Category Archives: North End

ArtVenue; An Artful Resurgence

Photo by Evan Smith

Artists of all genres, mediums and ages devote countless hours to their craft, their passion and their labor of love. Finding time to research venues and keeping organized with follow-up and follow-through proves to be a more daunting task that you would think. Three art-admirers put their heads together and created ArtVenue, a site that acts as a curating matchmaker between artists and local businesses. Whether it’s blank wall space behind the cash register of a clothing boutique, in a dimly lit entrance of a cigar shoppe, or next to a shelf full of hair products in a salon – ArtVenue gives more artists the chance to display their work and gain exposure and potential revenue from their sales. Businesses get a cut as well, but, most importantly, they become supporters in a reciprocal movement that is sure to gain momentum with every artist and business sign up at ArtVenue. This is the start of a grassroots art resurgence!

ArtVenue, a MassChallenge finalist, is currently inviting artists and businesses to sign up and create a free profile on their site which is currently in beta. Check out the video below to see how ArtVenue works!

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There’s a New Deal in Town

I endorse the business model under which sites like Groupon, LivingSocial, BuyWithMe and other deal-of-the-day sites follow. Enjoying a delicious meal worth $50 when I’ve only paid $20? Yes, please. Partaking in 12 yoga classes when I only needed to pay for one? Ommmm. I am a huge fan of deal sites but in my hectic life I often neglect checking them; I’m just too busy or it simply slips my mind. Thank goodness there is one ultimate site, DealGator, that aggregates deals from every existing deal site (Groupon, LivingSocial, etc.) and presents them to me at one place and one time. How convenient is that?

DealGator is stupendously time-saving. Instead of aimlessly browsing other deal sites and hoping for a specific deal, I can just select or deselect deal categories and watch the list of deals instantly reorganize before my eyes! The site will even send a personalized list of completely new deals to my email every morning, saving me yet another step.

Let’s say I’m browsing restaurant deals and want to filter out Mexican food due to my preexisting burrito habit, entering the keyword “Mexican” excludes Mexican food related deals from my list. It’s like having a Vegas buffet catered to my dietary needs, taste preferences and gluttonous cravings I can have modified even while I feast. The combination of customizable deals is infinite and the only way to discover them is to go to DealGator and see for yourself!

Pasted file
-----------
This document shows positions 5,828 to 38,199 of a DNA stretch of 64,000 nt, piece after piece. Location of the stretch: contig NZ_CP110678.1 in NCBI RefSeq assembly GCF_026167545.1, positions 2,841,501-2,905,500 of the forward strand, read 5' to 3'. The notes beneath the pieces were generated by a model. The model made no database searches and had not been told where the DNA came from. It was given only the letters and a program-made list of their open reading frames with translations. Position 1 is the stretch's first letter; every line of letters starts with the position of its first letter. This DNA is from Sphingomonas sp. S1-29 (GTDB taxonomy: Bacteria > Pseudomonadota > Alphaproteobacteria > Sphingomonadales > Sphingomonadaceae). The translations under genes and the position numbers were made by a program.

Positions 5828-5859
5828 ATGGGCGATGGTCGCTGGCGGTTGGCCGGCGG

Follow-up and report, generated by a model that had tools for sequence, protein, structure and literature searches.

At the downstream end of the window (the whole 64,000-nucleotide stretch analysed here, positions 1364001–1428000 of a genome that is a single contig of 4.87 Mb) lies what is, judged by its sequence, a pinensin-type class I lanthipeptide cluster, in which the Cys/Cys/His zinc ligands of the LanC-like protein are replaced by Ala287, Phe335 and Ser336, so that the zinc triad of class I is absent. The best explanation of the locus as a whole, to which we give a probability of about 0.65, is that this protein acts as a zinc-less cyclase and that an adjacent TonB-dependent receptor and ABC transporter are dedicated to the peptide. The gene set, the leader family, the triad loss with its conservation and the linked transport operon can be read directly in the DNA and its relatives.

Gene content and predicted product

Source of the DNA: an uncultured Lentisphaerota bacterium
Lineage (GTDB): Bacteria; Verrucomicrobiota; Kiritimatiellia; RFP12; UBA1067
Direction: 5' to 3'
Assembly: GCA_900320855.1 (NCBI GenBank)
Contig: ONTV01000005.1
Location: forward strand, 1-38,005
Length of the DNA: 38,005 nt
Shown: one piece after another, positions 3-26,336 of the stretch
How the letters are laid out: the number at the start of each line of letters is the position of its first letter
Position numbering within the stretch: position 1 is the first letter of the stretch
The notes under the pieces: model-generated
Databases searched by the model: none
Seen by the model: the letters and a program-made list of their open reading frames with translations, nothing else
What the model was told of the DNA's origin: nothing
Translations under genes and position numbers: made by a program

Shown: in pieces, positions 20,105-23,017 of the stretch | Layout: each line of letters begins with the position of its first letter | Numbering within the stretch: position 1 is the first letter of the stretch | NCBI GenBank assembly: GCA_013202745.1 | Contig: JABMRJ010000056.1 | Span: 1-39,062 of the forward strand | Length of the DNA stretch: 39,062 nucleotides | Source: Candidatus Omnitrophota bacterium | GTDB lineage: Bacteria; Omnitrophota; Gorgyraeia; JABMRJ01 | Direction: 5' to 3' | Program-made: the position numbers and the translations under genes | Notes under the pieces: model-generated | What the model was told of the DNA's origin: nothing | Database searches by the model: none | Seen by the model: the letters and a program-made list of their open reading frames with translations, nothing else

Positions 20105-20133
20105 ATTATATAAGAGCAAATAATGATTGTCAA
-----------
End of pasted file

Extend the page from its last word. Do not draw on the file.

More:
See ya later, alligator!

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Restaurant Week in Boston

Aram Boghosian for The Boston Globe

I like to write, I like to make art, and I sure do love to eat. I’m entering a point in my life where I eat to savor, not just to nourish. And, depending on the hour, I also eat to [over]indulge. In my figurative mind, a delicious meal is like an engaging painting. A clean empty plate is like an untouched blank canvas and ingredients make up the subject and focus of the piece. Taste translates into sight and each hue of flavor provides color, depth, contrast and reason for that work of art to be. A chef is a taste artist, a painter is a visual chef, you get the picture.

I personally lean towards being a visual chef (artist) and food’s biggest fan, and I won’t accept this “starving artist” role. There are ways around this cliche and I couldn’t think of a better time to be here in Boston. Boston Restaurant Week is just around the corner, which means I have a few days left to spend some quality time at the gym before it’s August 15th and I turn into a glutton for Boston Neighborhoods‘ sake, or so I tell myself. It runs August 15th-20th and then the 22nd-27th.The alphabetized list of restaurants participating in Restaurant Week with their menus and restaurant info are just a click away. At this point I’ve thoroughly memorized the prix fixe menus from restaurants A-through-Dante. There’s a ‘Wild Salmon & Crab Burger’ from Bambara with my name on it.

When making your own dining itinerary, be sure to follow the six Restaurant Week Tips as mentioned on the site:

  1. Make reservations for Restaurant Week as early as possible, they tend to go fast.
  2. Do not make reservations at more than one restaurant for the same meal period, as it prevents others from getting the reservations they want.
  3. If you need to cancel your reservation, do so with as much notice as possible so restaurants have the opportunity to rebook the table.
  4. Look for specially priced wine pairings to accompany your meal – some restaurants offer wines by the glass or pairings to accompany the whole meal at reduced Restaurant Week prices.
  5. Some restaurants extend their participation in Restaurant Week by offering their prix fixe menu for an additional week, so ask your server.